Search: ASEAN,China (17 materials)


Indian Elections 2019: Towards New Economic and Political Goals

... manufacturing GDP for exports. Besides the civilizational contacts, the process of fostering comprehensively intimating ties with the ASEAN comity of nations, as with other economic titans in East Asia, has been a signature initiative of the Modi government during ... ... edifice of the wide ocean ‘Indo-Pacific’ space, away from singularized ascent and towards a shared commons. What about the US, China, and Russia? The greatest operative determinant to Indian foreign policy, as it seeks to carve-up prominent stock for itself ...


Obstacles and Opportunities for Economic Engagement between Australia and the Russian Federation

... that has been clearly received by Australia and Russia. For both countries, China is currently the number one trading partner. In 2018, trade turnover between Russia and China was worth an estimated AU$138 billion; similiarly Australia’s exports to China have soared from $AUD7 billion in 2000 to last year’s figure of around AU$129.5 billion. As for the wider region, according to the Association of Southeast Nation (ASEAN)’s data set, total trade between Russia and ASEAN member countries increased by 40.3 percent from almost AU$17 billion in 2016 to just under AU$24 billion in 2017. Australia’s regional economic engagement has emerged as even more dramatic: the ...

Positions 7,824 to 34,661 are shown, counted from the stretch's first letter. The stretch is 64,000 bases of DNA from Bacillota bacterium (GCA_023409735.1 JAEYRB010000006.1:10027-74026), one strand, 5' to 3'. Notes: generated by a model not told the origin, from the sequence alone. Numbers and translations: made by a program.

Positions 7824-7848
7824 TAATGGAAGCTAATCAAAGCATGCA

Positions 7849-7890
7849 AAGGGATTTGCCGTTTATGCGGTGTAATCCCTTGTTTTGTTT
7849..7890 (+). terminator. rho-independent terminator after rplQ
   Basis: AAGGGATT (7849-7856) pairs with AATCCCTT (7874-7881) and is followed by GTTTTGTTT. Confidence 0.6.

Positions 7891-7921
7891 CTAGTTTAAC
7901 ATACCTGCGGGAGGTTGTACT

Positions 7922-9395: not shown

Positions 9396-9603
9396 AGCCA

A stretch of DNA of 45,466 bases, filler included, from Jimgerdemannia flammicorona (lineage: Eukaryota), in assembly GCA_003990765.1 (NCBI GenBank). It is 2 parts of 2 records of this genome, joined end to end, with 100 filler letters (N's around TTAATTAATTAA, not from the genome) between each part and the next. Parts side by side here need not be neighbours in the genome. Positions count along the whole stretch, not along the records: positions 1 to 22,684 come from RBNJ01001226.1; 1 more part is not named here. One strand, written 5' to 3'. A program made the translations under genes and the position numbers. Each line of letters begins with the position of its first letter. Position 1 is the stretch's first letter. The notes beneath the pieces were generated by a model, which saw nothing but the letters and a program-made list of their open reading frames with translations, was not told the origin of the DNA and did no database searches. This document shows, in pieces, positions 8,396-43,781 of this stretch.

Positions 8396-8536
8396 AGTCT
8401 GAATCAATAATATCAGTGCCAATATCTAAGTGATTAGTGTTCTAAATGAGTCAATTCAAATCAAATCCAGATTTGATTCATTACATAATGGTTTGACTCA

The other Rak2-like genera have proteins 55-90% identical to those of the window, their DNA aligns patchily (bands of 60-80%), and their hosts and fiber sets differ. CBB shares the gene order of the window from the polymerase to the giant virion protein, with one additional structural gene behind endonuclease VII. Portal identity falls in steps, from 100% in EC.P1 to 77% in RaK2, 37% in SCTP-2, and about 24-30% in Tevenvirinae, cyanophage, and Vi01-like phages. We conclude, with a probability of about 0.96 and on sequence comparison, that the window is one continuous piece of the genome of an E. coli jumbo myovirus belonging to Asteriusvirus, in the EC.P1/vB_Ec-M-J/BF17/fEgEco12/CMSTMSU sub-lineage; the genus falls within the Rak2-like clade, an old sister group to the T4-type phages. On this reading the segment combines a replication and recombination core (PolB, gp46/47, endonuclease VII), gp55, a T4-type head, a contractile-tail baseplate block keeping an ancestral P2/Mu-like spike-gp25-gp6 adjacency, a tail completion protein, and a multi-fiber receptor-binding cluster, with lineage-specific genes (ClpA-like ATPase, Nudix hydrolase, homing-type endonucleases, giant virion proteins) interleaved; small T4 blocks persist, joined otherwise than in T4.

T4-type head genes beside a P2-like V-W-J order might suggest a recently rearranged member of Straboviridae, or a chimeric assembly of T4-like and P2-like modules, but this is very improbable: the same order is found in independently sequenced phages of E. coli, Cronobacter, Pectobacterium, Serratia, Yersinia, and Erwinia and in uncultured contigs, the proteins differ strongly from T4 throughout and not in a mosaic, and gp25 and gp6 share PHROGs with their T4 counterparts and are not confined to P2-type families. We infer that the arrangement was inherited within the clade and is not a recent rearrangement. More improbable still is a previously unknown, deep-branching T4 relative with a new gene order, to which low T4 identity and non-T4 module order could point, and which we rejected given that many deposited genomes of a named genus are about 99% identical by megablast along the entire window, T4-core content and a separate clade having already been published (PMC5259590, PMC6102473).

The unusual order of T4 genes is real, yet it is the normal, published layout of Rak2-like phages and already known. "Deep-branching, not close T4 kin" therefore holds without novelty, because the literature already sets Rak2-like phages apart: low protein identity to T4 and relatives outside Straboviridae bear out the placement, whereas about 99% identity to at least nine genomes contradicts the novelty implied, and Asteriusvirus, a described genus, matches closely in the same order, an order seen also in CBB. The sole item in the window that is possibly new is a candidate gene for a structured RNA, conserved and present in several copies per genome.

How Does Canberra Implement Its Role as a Regional Power with Global Interests

... Mongolia. The Quad also complements the role of the Association of Southeast Asian Nations (ASEAN) and ASEAN-led regional architecture, such as the East Asia Summit. As committed ASEAN dialogue partners, all four Quad countries are strong supporters of ASEAN-centrality. Chinese is now the second most spoken language in Australia after English China is strengthening its position in the Indo-Pacific and Oceania. At the same time, Australia has very developed ties with China. What do you think: is China mainly a partner or a competitor to Australia? China is an important partner for Australia,...


Russia and Multilateral Diplomacy in East Asia